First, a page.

After an active blogging (and reading) January, I have stalled in February. Partly due to a very exciting business trip to Moscow, where I had little time or access for either reading or blogging and work piling up as a result.
During the past week, I did complete Brian Boyd’s On The Origin Of Stories, on the bus to and from the office. As well as discovering that Dr Seuss was a phenomenon that had passed me by, ultimately a very satisfying read. A very good summary of enlightened Darwinian evolution of mind, where attention is probably the main driving force, attention being drawn to perceived value. Makes perfect sense. Art and the art of story-telling are part of the evolution of that attention to value, and economy of explanation, necessary for mind to evolve.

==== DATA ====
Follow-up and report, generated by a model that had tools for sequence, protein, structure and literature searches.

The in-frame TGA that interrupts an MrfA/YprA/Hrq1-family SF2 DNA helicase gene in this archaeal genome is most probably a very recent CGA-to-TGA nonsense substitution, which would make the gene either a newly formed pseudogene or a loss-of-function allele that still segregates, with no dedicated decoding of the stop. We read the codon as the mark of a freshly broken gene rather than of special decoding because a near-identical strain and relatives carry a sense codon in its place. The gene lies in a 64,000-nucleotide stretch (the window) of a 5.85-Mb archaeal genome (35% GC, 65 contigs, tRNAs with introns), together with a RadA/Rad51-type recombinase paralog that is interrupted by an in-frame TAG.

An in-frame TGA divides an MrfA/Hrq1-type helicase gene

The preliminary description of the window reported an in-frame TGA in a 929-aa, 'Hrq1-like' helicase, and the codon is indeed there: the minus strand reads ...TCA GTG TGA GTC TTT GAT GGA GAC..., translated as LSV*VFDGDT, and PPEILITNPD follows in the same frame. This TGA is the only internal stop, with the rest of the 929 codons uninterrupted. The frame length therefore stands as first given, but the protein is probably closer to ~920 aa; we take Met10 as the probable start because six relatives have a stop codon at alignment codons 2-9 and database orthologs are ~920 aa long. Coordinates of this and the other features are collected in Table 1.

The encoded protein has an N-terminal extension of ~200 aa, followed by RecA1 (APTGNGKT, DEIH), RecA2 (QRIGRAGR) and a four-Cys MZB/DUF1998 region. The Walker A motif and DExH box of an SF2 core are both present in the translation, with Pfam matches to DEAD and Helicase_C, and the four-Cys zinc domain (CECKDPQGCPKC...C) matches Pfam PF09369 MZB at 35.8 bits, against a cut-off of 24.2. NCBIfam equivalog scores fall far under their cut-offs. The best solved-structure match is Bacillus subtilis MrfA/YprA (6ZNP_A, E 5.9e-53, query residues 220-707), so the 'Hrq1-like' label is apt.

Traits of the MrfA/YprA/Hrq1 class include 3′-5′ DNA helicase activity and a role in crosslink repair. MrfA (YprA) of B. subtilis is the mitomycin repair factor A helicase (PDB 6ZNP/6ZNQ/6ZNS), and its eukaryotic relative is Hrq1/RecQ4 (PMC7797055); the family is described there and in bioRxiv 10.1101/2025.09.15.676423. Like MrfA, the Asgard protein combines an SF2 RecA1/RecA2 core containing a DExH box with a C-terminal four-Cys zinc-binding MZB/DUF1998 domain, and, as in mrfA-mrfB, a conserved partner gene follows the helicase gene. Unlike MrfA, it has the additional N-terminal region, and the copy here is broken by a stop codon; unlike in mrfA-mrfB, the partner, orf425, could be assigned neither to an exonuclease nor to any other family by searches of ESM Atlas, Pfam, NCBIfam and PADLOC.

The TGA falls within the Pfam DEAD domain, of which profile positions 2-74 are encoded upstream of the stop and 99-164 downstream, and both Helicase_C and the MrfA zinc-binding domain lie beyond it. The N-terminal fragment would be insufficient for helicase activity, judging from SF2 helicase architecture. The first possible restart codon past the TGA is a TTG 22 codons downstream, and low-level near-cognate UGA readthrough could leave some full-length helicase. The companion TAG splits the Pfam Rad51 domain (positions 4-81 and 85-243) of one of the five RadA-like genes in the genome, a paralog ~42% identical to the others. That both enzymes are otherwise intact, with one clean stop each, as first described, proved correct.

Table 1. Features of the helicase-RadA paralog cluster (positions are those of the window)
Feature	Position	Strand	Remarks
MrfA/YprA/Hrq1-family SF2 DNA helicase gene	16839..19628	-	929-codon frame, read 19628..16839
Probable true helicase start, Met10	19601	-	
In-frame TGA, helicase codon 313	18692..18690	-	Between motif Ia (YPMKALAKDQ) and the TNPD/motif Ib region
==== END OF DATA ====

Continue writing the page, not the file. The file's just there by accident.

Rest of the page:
Having earlier read David Lindley’s Uncertainty, someone recommended Graham Farmelo’s The Strangest Man – The Hidden Life Of Paul Dirac, Quantum Genius. Finding it hard to put down – researched from correspondence, interviews and documentary records, the science, the competition, the philosophy, society and international politics and war of the first half of the 20th century. Fascinating. Obvious, but not seen mentioned before, the crossing in Cambridge of Dirac’s path with Wittgenstein’s – genius chalk with genius cheese. Clear also, as others have pointed out before, that Arthur Eddington was the contemporary writer to read for lay accounts of the new science as it developed.